The Acropolis is a continuous construction site. Individual monuments are being renovated, but not brought back to their original state.

Partenon. To, z czym chyba każdemu się kojarzy Grecja
A cloud of smoke seen from the Acropolis

We were wondering what is the best order to visit Greece. If we saw the Acropolis at the very beginning, there would be a wow effect. But if we were there at the very end, after all the amazing sites and museums, it would be like the icing on the cake. But remember, it is more of a tourist attraction than a historical one.

So, guide in hand and you should go and visit.

In the centre of the city stands such an object. It is Hadrian’s Arch, the former border between Greek and Roman Athens. Nowadays, it completely blends in with the buildings (joke).

The Temple of Zeus is such a sad little place. It was built for over 600 years, and then when it fell apart, it was looted by the local people and not much remains of it. Originally it had 108 columns. Inside was a copy of the statue of Zeus by Phidias, a statue we would have seen in Olympia if it was still there.

Świątynia Zeusa – tyle z niej zostało

The area at the foot of the Acropolis, full of streets, houses and shops is Plaka. Such Athenian shopping streets. Here you can buy souvenirs, food, clothes. Fortunately, much of it is made here, in the neighbourhood. And that’s how two real Greek linen dresses were added to my household inventory.

Plaka jest tuż na dole.

The magic of our saabvoyage tourism is that we get to interact with people with similar passions. In the evening, we met up with an Instagram friend who drives a 9-3. Sightseeing is one thing, but just talking to someone who lives here every day gives you a better understanding of the places we saw.

Thursday – Athens second day, museums

Hellenic Motor Museum

Museum day. The first fire went to a private motor museum.

The owners selected the cars according to a key known to them (we later found out that the collection had one common idea at the beginning: to fulfil the owner’s childhood dreams).

There are about 300 pieces in the collection. However, there are about a hundred cars on display. This museum did not knock us on our knees. We have come across similar establishments several times before. As if not to look far, there is the Classic Remise in Berlin. Let’s skip Otrębusy near Warsaw. Quite along the same lines here we have the Tiriac Collection in Bucharest. What we lacked in it was a story. A story told, the keynote of the collection being built, which was at the beginning. It is not clear what connects these cars. But that doesn’t make this place stand out either. It is rather a typical approach.

It was an interesting idea to gather the red cars on one floor alone.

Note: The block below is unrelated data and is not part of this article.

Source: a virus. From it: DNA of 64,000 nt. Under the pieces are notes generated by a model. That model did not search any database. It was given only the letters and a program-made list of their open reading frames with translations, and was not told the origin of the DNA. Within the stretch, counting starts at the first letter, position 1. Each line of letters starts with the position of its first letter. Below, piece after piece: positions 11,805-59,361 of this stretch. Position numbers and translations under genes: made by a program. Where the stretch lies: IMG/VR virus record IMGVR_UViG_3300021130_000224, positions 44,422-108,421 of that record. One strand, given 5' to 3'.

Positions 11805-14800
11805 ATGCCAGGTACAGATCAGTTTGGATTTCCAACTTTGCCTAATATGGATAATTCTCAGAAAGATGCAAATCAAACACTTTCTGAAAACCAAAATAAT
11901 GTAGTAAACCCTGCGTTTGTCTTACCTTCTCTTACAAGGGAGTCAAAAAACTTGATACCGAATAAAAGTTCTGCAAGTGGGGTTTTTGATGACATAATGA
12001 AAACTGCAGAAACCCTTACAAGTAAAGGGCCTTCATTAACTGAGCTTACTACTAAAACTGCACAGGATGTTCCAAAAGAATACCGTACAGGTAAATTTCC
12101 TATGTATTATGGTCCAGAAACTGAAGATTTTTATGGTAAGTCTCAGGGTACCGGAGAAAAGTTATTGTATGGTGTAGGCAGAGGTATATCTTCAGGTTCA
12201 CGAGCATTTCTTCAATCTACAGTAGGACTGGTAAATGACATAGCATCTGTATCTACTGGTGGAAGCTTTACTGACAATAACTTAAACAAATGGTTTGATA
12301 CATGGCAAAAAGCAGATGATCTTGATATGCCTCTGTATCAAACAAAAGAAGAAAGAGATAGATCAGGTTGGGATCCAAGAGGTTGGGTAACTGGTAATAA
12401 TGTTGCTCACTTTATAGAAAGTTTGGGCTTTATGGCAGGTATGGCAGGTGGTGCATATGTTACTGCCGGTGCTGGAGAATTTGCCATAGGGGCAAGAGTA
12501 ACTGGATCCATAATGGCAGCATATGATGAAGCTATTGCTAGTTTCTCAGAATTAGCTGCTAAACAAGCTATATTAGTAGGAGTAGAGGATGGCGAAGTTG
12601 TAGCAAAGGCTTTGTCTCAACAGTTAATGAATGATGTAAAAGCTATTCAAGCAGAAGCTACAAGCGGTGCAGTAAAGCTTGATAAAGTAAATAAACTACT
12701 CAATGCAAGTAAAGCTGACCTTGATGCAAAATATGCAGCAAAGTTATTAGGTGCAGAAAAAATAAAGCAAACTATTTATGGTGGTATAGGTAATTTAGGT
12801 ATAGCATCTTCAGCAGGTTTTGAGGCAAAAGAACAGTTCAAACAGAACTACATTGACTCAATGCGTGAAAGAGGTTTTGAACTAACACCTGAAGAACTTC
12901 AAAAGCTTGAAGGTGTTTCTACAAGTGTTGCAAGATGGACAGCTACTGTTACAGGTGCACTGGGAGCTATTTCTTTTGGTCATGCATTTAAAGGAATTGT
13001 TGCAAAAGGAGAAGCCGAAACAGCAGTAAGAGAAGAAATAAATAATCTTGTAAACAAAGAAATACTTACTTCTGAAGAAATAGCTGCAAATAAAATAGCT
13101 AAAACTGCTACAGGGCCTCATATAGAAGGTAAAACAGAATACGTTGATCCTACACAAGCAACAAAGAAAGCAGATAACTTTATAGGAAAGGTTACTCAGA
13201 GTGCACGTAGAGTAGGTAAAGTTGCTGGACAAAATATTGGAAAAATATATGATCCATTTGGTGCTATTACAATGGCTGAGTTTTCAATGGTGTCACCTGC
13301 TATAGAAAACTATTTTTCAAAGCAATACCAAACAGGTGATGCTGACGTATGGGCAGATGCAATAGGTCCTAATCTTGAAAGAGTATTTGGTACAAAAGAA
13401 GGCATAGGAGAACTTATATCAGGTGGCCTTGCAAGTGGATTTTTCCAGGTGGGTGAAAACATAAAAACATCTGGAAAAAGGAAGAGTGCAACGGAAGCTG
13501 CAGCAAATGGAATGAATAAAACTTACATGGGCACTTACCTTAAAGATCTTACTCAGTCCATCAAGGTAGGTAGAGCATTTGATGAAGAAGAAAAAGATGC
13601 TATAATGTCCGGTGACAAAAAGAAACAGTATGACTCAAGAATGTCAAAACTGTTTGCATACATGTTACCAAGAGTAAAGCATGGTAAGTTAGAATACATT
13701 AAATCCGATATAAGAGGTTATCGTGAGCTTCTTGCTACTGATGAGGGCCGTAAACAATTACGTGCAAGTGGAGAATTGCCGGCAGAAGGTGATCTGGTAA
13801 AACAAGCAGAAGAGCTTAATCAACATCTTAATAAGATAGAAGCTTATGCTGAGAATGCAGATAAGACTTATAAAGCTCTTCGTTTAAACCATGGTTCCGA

Either way, the museum is worth a visit, especially as the exhibition changes. A must for motoring fans.

We spent the next few hours in Athens’ famous archaeological museum.

National Archaeological Museum of Athens

It is one of the 10 largest archaeological museums in the world. In short: a great storehouse of what’s important.

You need to prepare yourself to come here and see it consciously. There are two ways to prepare: to read books and guide books dryly or to go around Greece beforehand. There was no explanation of what it was all about and how one civilisation displaced another and why.

Zeus or Poseidon – delete as appropriate

It’s certainly different to visit the museum first, looking at “some stuff”, and different at the end, like a summary of the whole Greek tour.

This is where you will find artefacts brought back from other places that we have already seen before. That is, for example, the 14 kg of gold from Mycenae. The non-Agamemnon mask (Schliemann thought he had excavated the Agamemnon mask, but it turned out to be a tiny 300-400 years older).

We were impressed by the temporary exhibition on victories, where we saw the helmet of Menelaus from Marathon, and a separate exhibition on the mysterious device used in antiquity to determine the dates of everything.

In general, it contains almost all the major movable monuments of Ancient Greece.

From practical information:

  • You have to leave your backpack in the cloakroom, so you have to pack smartly;
  • You have to be prepared for a lot of walking, we spent there 4 hours and left unsatisfied. It would be better to book 5-6h.
  • There is a café on the grounds of the museum, so in case of emergency you can sit down, have a snack, a coffee and … return to sightseeing.
  • The staff are friendly and knowledgeable. You can ask about an exhibit and get an explanation of how to get there. Like in a decent DIY store “third aisle to the left, straight, straight and after the ceramics to the right”.

Postcards

And here we run into the standard problem – where to buy stamps.

The kiosks sell cards, but not stamps. In the end, we found this one special kiosk and we had something to stick on. And then we went in search of a mailbox that would encourage confidence and give hope that the cards would arrive.

In both Thessaloniki and Athens we noticed a lot of closed down establishments. The city gets dirty fast enough that it was hard for us to identify whether it was the effect of covid, the crisis, or whether the venue had closed even earlier, or perhaps a longer holiday?

We also noticed a lot of abandoned unfinished buildings, hotels, etc., even in the very centre. So undeveloped, unfinished, abandoned. Just a curiosity.

You can read what happened next in the last part of our notes.